How the world paid tribute to Muhammad Ali

'He did more to change race relations and the views of people than even Martin Luther King'

Elsa Vulliamy
Sunday 05 June 2016 14:36 BST
Muhammad Ali preparing for his fight with Brian London in London in 1966
Muhammad Ali preparing for his fight with Brian London in London in 1966 (Getty Images)

All over the world, fans and followers have gathered to mourn the death of Muhammad Ali, with tributes have been coming in from every country.

As well as being a boxing champion, Ali was also a controversial and inspiring political figure - converting to Islam in his early twenties and changing his name as a gesture of racial pride.

He also stirred up controversy by refusing into the US military to fight in Vietnam, which resulted in his arrest, and the stripping of his boxing titles (which he later reclaimed).

Here is how the world remembered him:

"He's the most transforming figure of my time, certainly. He did more to change race relations and the views of people than even Martin Luther King. It was a privilege and an honor for me to know him and associate with him." — Bob Arum, who promoted 26 of Ali's fights.

"Ali, Frazier & Foreman we were 1 guy. A part of me slipped away, "The greatest piece" — tweet by George Foreman, Ali's opponent in the "Rumble in the Jungle"

"Without question his legacy is one that he defied the odds because he stood up for what he believed in and when he was put to the test he took personal harm rather than go against his beliefs and what he stood for." — Don King, promoter of "Rumble in the Jungle" and "Thrilla in Manilla."

Muhammad Ali wins his third World Heavyweight title against Leon Spinks (Getty)

"When an icon like Muhammad Ali passes away, it's very emotional. It's also gratifying to know that a guy, one man, would sacrifice so much in his individual life knowing that it would better the next generation of men and women after him. Today I can go to China and all over the world and people know my name and know my face. I give all credit to Muhammad Ali because he was the first icon. He is the GOAT. He's the greatest of all time and it has zero to do with his accomplishments inside the ring." — NBA star LeBron James.

"The world has lost a great Champion. Muhammad Ali, lover of human beings, a warrior for the fight against discrimination ... a great friend." — tweet by football great Jim Brown.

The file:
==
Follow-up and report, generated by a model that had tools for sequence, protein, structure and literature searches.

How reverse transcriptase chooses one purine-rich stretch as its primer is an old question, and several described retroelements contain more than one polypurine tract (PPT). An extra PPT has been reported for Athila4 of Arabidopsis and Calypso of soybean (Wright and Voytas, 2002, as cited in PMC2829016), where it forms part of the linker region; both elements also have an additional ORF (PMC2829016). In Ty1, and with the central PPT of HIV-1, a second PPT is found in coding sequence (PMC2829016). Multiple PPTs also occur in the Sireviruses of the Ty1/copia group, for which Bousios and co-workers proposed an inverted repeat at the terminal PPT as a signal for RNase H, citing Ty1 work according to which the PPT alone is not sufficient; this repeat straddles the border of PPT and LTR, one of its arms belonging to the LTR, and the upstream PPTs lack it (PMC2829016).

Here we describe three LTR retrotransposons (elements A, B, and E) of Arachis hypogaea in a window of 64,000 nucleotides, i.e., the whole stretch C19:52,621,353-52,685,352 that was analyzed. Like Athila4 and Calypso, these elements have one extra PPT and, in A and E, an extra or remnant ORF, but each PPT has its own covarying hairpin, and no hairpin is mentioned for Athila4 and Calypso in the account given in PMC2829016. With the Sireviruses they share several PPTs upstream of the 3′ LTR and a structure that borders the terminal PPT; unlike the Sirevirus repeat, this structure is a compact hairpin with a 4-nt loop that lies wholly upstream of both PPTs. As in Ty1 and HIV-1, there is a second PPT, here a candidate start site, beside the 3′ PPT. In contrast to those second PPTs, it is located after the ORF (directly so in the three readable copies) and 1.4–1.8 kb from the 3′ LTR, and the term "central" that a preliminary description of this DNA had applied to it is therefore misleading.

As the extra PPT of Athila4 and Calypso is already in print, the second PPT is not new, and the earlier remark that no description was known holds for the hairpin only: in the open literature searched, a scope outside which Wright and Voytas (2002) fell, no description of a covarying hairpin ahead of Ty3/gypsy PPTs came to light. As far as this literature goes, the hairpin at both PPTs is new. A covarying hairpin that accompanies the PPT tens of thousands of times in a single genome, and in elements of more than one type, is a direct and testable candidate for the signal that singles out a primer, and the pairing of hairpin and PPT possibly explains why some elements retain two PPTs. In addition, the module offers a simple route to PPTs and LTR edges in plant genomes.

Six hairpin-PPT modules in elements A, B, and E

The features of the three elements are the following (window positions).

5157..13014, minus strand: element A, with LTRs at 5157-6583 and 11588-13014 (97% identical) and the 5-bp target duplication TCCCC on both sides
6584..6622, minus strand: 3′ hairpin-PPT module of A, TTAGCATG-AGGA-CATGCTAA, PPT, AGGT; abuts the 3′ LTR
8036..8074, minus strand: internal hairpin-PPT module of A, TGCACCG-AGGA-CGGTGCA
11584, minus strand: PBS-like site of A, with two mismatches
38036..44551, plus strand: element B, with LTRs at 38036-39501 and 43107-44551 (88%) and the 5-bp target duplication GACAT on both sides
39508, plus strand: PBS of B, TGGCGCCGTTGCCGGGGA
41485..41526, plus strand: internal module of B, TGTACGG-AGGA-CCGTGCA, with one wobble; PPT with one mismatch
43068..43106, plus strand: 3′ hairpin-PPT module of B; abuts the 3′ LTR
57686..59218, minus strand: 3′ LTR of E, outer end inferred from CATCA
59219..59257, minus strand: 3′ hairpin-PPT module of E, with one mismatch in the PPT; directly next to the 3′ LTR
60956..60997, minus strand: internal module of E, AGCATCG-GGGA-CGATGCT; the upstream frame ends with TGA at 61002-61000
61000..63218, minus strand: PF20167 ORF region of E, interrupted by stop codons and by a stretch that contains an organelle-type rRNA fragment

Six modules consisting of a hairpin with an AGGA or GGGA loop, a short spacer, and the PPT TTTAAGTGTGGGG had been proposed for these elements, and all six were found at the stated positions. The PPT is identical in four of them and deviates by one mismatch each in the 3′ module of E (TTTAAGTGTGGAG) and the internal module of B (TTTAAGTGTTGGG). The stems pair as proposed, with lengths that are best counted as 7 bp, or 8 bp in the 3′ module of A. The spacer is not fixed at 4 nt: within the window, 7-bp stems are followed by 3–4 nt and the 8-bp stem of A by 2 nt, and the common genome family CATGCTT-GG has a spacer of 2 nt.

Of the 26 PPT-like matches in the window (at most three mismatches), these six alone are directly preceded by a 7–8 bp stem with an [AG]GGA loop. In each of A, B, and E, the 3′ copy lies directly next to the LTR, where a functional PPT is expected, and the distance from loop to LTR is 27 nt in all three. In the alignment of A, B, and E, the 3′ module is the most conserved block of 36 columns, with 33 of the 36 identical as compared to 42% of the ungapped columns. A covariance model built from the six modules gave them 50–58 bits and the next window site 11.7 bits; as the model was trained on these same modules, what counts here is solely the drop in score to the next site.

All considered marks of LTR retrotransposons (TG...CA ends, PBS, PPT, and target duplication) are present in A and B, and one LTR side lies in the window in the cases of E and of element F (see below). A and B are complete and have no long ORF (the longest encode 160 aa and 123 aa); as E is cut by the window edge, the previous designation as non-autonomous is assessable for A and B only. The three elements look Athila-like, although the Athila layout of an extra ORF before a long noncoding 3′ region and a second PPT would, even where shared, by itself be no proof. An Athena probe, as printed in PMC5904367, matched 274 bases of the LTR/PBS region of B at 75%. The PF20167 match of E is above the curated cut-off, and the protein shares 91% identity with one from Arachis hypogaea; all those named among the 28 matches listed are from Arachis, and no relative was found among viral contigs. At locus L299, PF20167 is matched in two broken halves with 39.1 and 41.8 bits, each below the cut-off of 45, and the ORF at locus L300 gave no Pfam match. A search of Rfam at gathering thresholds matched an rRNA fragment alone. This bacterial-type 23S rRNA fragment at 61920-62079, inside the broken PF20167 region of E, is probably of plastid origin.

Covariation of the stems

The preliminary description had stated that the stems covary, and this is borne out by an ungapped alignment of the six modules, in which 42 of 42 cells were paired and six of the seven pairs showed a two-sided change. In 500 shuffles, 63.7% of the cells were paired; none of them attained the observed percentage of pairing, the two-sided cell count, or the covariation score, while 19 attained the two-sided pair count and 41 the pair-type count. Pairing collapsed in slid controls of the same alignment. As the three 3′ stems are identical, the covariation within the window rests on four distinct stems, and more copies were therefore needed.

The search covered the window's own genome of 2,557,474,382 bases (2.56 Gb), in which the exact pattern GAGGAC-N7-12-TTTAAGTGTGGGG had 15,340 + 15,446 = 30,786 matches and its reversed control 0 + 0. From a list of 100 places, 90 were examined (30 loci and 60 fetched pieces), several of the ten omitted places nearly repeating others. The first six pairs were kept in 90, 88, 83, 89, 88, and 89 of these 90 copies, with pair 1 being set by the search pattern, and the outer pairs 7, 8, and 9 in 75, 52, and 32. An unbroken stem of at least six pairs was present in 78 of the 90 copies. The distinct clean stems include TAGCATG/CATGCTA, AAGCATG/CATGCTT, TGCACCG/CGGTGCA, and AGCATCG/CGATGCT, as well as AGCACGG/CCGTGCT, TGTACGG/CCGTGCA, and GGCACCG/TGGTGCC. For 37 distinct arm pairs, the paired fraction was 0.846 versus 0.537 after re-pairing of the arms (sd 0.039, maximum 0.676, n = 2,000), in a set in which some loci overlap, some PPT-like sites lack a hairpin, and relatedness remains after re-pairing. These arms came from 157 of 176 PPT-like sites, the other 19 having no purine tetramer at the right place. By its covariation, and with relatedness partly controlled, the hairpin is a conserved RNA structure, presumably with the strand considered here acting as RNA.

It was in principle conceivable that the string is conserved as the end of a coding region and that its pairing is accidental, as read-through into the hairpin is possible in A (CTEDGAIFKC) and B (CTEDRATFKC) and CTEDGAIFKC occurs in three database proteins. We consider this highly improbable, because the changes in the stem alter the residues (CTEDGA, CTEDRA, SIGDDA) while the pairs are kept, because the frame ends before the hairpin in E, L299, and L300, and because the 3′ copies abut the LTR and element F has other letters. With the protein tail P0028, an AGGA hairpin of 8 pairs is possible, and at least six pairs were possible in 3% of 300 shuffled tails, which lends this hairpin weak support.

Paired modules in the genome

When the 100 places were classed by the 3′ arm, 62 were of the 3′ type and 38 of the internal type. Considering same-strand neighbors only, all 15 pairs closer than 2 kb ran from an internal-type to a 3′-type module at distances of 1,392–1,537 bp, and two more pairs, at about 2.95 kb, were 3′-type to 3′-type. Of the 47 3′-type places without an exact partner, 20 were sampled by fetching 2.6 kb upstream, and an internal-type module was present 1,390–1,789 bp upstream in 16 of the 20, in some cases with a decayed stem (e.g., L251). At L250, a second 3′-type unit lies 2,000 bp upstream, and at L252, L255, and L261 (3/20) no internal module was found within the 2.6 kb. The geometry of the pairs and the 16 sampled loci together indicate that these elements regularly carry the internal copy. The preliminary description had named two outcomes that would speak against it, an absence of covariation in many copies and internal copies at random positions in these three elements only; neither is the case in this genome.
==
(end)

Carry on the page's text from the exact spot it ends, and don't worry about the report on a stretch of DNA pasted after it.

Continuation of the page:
"Today we bow our heads at the loss of a man who did so much for America. Tomorrow, we will raise our heads again remembering that his bravery, his outspokenness, and his sacrifice for the sake of his community and country lives on in the best part of each of us." — basketball great Kareem Abdul-Jabbar.

"This is a sad day for me — and for the world. Muhammad Ali was bigger than sports and larger than life. He said he was 'The Greatest' and he was right. He was the greatest of his era in the ring and a global icon in sports. I was a kid during his prime, but I remember some of his epic fights and his incredible style. My sincerest condolences go out to his wife, Lonnie, his kids and family." — basketball great Michael Jordan.

Muhammad Ali remembered

"The sporting universe has just suffered a big loss. Muhammad Ali was my friend, my idol, my hero. We spent many moments together and always kept a good connection throughout the years. The sadness is overwhelming. I wish him peace with God. And I send love and strength to his family." — soccer great Pele on Twitter and Instagram.

"Certain people are courageous. He was very courageous in doing what no other athlete probably would have dared to have done, in particular a black athlete at that time," West said. "To me, he's inspired the people to look at inequalities in this world and I think some of the things he did, he just changed the perceptions of people. He was a magnificent person. I loved that guy. I really did." — former basketball star Jerry West.